832.5151/446: Telegram

The Ambassador in Brazil ( Gibson ) to the Secretary of State

284. Department’s 142, October 2, 6 p.m. Souza Dantas has given me the following estimates but wishes it to be made clear that they are approximations only in view of the fact that statistics of this nature have never been compiled by the Bank of Brazil.

1.
The total amount of American deferred credits in Brazil, including those covered by the Congelado Agreement of 1933, is given as $15,000,000. This does not include special arrangements with the oil companies, General Electric Company, et cetera. An estimate from another source, including all deferred credits, is $24,000,000.
2.
The total of all other deferred credits in Brazil is $36,000,000.
3.
(a) The sum total of American applications for official exchange, which have been approved by the Exchange Control and are awaiting allotments of official exchange, is $2,500,000; (b) all other applicants for official exchange, which have been approved by the Exchange Control and are awaiting allotments of official exchange, are $40,000,000. The contrast between these figures is explained by the Bank as indicating that Americans are more nearly up-to-date than other nationalities.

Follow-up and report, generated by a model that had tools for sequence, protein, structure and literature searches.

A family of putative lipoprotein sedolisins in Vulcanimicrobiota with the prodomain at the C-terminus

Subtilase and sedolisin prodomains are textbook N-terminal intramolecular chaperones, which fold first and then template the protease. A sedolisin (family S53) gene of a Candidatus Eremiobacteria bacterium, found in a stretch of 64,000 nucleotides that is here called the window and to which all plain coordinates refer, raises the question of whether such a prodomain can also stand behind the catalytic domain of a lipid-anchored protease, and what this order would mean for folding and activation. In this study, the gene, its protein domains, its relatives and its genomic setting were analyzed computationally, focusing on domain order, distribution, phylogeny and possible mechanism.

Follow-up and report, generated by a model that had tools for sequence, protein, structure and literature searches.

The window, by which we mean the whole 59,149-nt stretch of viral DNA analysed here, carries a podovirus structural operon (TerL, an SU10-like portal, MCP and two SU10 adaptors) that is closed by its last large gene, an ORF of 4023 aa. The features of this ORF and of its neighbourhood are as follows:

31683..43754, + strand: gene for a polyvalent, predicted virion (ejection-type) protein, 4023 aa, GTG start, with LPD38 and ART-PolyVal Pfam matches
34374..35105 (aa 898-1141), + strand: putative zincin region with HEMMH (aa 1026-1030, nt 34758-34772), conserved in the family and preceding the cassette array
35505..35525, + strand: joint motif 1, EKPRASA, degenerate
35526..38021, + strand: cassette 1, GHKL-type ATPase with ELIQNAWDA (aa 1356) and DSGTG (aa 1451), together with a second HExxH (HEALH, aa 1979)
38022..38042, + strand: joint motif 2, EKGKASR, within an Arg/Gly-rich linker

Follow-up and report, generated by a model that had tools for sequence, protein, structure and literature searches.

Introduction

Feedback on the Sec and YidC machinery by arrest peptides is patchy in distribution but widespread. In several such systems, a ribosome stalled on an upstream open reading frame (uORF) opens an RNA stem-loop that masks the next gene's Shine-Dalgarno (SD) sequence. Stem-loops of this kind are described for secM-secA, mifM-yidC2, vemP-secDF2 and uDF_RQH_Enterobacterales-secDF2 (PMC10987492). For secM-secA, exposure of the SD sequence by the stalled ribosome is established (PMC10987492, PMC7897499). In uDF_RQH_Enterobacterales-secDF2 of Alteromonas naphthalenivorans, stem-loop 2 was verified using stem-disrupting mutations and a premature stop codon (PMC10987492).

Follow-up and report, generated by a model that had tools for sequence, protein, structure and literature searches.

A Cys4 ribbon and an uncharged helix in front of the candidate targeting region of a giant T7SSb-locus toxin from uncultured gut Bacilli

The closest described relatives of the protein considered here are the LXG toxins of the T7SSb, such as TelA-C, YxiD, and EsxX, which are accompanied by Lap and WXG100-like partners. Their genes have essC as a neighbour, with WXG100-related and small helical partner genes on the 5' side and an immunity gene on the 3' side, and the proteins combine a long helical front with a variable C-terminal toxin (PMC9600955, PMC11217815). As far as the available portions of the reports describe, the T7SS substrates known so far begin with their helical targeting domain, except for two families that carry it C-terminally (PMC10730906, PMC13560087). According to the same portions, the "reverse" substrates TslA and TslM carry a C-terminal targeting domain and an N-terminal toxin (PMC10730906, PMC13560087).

4.
Estimate of the amount of pending applications, for which approval is expected later to be given, is $10,000,000.

Impossible to judge amounts allocated during past year for private remittances to the United States and all other countries.

There appears to be a lessening in the past 6 months of the delay with which official exchange has been made available, especially in the case of American firms. Since establishment of the free exchange there are no funds whose transfer is absolutely prohibited.

Souza Dantas has requested the large buyers of exchange to make remittances slowly in order to avoid depressing the exchange rate of the milreis. The buyers of exchange are complying with Souza Dantas’ request and there has been no exodus of exchange. I have been reliably informed that within the past few months new European capital has been entering Brazil which has also been a factor in strengthening the milreis.

I have followed this question day by day since receiving the Department’s 142 in an effort to assemble dependable figures. During this time I have received full cooperation from the Bank and am convinced of the soundness of Souza Dantas’ statement that the Bank possesses no dependable statistical information. The foregoing should therefore be regarded as nothing more than a sketchy estimate.

Gibson